Spain footballer Jenni Hermoso’s powerful testimony that abuse is abuse, even in sport | Bolt Burdon Kemp Spain footballer Jenni Hermoso’s powerful testimony that abuse is abuse, even in sport | Bolt Burdon Kemp

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Spain footballer Jenni Hermoso’s powerful testimony that abuse is abuse, even in sport

As I have been reading about the investigation and Spanish court proceedings into the conduct by former football federation president, Luis Rubiales, I have been struck by the words of Jenni Hermoso as she testified in court, and how this relates to a lot of the sexual abuse survivors I represent.

I write this after a Spanish High Court judge ruled Rubiales should stand trial after kissing Hermoso during the Women’s World Cup medal ceremony last year.

Hermoso is a world-class football player who is Spain’s top scorer, so she is no stranger to publicity. But the events at the ceremony in Australia, where Rubiales grabbed Hermoso’s face and kissed her without her consent, have put her under a very different spotlight.

Hermoso bravely testified in front of the Spanish court so that a judge could decide if Rubiales is to be criminally tried for sexual assault and coercion.

As well as Rubiales, the judge proposed former women’s national team coach Jorge Vilda and Spanish football federation executives Albert Luque and Ruben Rivera stand criminal trial for allegedly pressuring Hermoso to state she had consented to the kiss, BBC News reported.

Hermoso shared that she did not consent to the kiss by Rubiales and felt disrespected as a person and as a player. She stated: “I didn’t do anything to land myself in that situation.”

I find Hermoso’s words powerful. Her experience and story are important even amidst difficult legal decision-making processes. I hope the judge’s words that the kiss was “not consensual and… a unilateral and surprising initiative” will demonstrate that such conduct by public officials in sport will not be tolerated. Spanish lawyers now have 10 days to decide if they will formally seek a criminal trial.

As a solicitor who represents survivors of abuse, often sexual abuse, in England and Wales much of Hermoso’s very public story brings up a lot of the same experiences that my clients go through.

Victims can often feel they are to blame for the things that happened or feel they should have acted differently or spoken out at the time. Victims can also be pressured and coerced into denying the abuse, even into protecting the abuser.

I hope survivors of abuse know they are not to blame for abuse that they are subjected to. Abuse is perpetrated in many ways and in many contexts. Victims may be adult survivors of childhood abuse or adult survivors of more recent abuse, but either way, the responsibility for abuse lies with the perpetrator.

Survivors can feel they were unable to speak out or may not even have realised what was happening at the time was wrong. This can mean that victims feel they have left things too late or have no power to speak up now. This is especially true when the abusers are in positions of trust and authority, such as sport coaches and managers.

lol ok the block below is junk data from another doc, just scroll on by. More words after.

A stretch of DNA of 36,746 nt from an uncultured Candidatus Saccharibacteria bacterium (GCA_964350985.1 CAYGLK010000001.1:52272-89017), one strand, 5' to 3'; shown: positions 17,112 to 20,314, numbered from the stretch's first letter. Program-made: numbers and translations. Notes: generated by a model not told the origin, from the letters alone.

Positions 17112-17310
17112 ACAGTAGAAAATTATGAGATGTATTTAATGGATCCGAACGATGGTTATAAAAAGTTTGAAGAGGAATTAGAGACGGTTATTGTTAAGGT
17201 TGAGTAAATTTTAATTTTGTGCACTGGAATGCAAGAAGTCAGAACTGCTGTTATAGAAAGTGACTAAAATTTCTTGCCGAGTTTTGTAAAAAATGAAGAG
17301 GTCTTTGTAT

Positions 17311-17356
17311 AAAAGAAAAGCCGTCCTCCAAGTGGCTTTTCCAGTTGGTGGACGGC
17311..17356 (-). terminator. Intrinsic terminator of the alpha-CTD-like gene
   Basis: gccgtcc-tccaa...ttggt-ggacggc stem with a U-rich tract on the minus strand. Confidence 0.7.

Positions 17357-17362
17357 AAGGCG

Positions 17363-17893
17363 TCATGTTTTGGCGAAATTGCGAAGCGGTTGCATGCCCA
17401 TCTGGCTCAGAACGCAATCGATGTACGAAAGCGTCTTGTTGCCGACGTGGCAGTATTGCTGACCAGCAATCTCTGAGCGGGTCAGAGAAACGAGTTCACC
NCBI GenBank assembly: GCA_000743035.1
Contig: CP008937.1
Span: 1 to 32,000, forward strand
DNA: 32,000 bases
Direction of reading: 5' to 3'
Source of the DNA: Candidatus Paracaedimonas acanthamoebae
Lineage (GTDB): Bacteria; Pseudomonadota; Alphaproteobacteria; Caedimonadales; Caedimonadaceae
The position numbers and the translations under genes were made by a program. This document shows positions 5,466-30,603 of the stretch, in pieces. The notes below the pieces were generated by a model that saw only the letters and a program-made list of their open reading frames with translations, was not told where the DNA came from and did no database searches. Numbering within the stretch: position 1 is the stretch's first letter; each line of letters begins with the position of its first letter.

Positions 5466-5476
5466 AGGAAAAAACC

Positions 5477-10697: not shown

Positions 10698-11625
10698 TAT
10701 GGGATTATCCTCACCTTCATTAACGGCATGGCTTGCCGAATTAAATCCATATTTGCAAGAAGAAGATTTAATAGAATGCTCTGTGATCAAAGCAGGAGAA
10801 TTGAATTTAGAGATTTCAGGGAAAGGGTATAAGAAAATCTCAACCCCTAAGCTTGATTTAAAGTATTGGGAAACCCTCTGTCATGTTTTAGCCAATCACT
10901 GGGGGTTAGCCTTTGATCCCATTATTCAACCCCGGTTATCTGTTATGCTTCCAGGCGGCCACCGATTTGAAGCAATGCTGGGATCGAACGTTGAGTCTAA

When a perpetrator is in a position of power, it can often silence or intimidate victims who feel that they will not be believed, will not be listened to, or would even face repercussions for reporting abuse.

In a football context, players who experience sexual abuse may worry their careers and reputation will be ruined. When there are institutions or large organisations involved, victims of abuse can also feel they are powerless.

I hope that for anyone who has suffered sexual abuse as an athlete, child, or in any other way can feel empowered by the strength Hermoso has shown in affirming that victims of abuse are not to blame for what happens and that justice can be sought against abusers. While no one should ever be subjected to abuse or be forced to go through what Hermoso is having to experience to achieve justice, people speaking out helps bring abuse to light and abusers to accountability.

Here in England and Wales, victims of sexual abuse have a right to not only report abuse to the police, but also to bring a civil claim against the perpetrator and even institutions responsible for the abuser.

A criminal case can be brought against the individual who committed the abuse while a civil claim can potentially hold the abuser and the responsible organisation accountable for what happened.

The impact of abuse on a person’s career and personal life can be a key aspect of a civil claim. My team and I specialise in these civil claims, and we have a proven record of winning compensation for survivors in claims against large institutions such as churches and the Scouts Association.

Sports teams and sporting institutions are no different. Bringing a civil claim means that survivors have their own specialist legal team who act on their behalf and are independent of police or other organisations.

If you or someone you know has experienced sexual abuse and would like to speak about your options, you can contact me as a specialist in abuse claims directly. I am a solicitor who acts solely on behalf of survivors of abuse, and I can offer you confidential, no-obligation, advice about your rights on a no-win no-fee basis.

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